PreSonus Blog

Unlock New, Unique Vocoder Effects

By Craig Anderton

Usually, the Vocoder inserts into a track that provides the modulation, and the Vocoder’s sidechain receives the carrier. But why be normal? The same audio that provides the carrier can modulate itself. This technique unleashes a variety of processing options for drums, guitars, keyboards, percussion, and more. Even better, the Vocoder’s controls can tailor the results from subtle, to beautiful, to insane.

It’s difficult to explain the effect in words, so check out the audio examples. The first one has four measures of a loop without processing, then four measures of the loop vocoding itself.

The next audio example has one measure of a drum loop, then the drum loop vocoding itself.

The following example uses chorused guitar, with sawtooth Vocoder band automation to create a “rippling” effect. The vocoded sound goes through reverb as well.

The final example has two static Vocoder matrix settings with guitar. Static settings work well for instrument voicing, like changing the character of polysynth and pad sounds.

Channel Layout

Fig.1 shows the channel layout. This technique inserts the Vocoder in a bus, not a track. The audio track (in this case, Drums) has two pre-fader sends:

  • One send goes to the Bus with the inserted Vocoder. This provides the Vocoder’s modulator.
  • The other send goes to the Vocoder’s sidechain, to provide the carrier.

Figure 1: Channel layout. The Drums track provides the Vocoder’s modulator and carrier.

Vocoder Parameters

Figure 2: Typical Vocoder settings.

Start with the settings in fig. 2:

  • The Carrier Source needs to be Side-chain.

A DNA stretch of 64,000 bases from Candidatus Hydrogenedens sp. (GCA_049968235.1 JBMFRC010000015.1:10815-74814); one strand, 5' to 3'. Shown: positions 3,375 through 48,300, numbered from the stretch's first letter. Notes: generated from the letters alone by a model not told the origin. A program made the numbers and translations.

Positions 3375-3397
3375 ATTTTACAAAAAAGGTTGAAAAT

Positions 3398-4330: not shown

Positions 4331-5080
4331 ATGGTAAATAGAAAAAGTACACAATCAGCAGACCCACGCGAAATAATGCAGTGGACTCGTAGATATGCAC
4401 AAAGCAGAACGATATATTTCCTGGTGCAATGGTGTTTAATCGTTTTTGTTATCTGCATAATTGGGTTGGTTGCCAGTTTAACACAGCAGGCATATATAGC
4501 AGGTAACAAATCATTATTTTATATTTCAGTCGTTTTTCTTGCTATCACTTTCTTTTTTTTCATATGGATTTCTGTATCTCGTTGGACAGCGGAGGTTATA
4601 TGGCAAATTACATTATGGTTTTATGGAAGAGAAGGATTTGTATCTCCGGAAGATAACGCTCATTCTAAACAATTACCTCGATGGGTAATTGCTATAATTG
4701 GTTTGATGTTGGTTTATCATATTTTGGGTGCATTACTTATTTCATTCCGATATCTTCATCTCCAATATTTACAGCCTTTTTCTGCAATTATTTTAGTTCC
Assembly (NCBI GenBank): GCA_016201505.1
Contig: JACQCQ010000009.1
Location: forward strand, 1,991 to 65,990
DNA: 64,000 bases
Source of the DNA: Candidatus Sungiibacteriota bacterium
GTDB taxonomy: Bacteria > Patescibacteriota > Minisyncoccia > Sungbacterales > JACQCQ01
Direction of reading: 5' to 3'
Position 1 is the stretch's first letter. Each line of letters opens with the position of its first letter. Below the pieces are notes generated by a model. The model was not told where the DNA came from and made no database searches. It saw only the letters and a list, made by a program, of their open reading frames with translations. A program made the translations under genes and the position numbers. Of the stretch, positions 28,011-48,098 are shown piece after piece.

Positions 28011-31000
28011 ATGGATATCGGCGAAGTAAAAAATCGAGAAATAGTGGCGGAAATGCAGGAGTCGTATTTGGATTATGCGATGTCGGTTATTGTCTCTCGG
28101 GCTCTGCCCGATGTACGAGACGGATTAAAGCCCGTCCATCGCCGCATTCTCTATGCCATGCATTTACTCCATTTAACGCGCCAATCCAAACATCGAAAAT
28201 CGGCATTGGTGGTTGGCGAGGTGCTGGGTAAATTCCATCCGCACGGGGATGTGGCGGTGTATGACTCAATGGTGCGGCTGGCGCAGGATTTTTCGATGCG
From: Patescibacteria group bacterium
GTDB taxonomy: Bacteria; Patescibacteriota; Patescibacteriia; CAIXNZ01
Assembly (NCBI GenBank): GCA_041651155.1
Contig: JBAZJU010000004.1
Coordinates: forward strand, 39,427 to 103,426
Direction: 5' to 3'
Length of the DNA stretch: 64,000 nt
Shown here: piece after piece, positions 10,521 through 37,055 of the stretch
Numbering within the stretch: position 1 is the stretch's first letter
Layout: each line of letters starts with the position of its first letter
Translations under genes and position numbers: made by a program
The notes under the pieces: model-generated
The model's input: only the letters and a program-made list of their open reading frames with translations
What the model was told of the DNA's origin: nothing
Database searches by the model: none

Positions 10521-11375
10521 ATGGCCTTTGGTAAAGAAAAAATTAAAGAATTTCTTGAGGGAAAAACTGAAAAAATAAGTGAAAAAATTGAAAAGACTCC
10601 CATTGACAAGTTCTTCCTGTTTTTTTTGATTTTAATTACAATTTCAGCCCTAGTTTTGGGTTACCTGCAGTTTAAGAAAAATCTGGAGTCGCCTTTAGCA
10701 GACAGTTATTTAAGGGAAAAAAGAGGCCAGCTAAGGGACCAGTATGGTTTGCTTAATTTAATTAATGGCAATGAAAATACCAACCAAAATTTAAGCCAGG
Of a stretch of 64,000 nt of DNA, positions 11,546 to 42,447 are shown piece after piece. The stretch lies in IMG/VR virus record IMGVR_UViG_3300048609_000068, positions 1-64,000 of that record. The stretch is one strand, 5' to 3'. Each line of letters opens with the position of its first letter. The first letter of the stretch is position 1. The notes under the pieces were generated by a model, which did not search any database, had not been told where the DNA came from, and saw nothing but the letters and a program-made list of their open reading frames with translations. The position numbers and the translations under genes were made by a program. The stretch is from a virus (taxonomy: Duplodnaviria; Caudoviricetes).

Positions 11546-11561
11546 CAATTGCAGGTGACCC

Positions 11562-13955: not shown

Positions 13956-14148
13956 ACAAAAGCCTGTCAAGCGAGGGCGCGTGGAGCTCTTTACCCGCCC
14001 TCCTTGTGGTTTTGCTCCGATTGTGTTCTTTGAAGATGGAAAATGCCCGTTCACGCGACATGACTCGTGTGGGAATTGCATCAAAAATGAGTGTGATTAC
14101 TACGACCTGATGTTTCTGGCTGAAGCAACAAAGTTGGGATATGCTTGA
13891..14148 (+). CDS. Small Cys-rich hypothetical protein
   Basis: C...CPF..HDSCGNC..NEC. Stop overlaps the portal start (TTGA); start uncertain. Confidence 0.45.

• Shorter Release times add a percussive quality. Longer ones let the sound develop more.
  • Mix sets the balance of the carrier and the modulated sound. Mix at 100 gives the most novel effects. Lower Mix values mix in more dry sound.
  • Both Send levels from the Drums (or other audio track) affect the sound. Edit the sends to optimize the effect.

Automation, Too!

The vocoder matrix provides an almost unlimited tonal palette. The audio examples capture only a few of the options—just draw on the matrix, and listen to what happens. Also, note that automation can preserve your matrix doodling. Here are three examples of how to use automation:

  • Automate the Flip button, and change it on the beat with drums and percussion loops. With the right settings, this can alternate between DJ-style “bottom” and “top” loops.
  • Choose Write mode, and use the Vocoder matrix like an Etch-a-Sketch to create various tonal effects.
  • Use the Paint tool to add periodic automation (square wave, sawtooth wave, etc.) to the matrix modulation tracks.

Whether used as a glorified tone control, a way to create rippling frequency changes, or to breathe new life into loops, vocoding a sound with itself is can give you new and surprising sounds.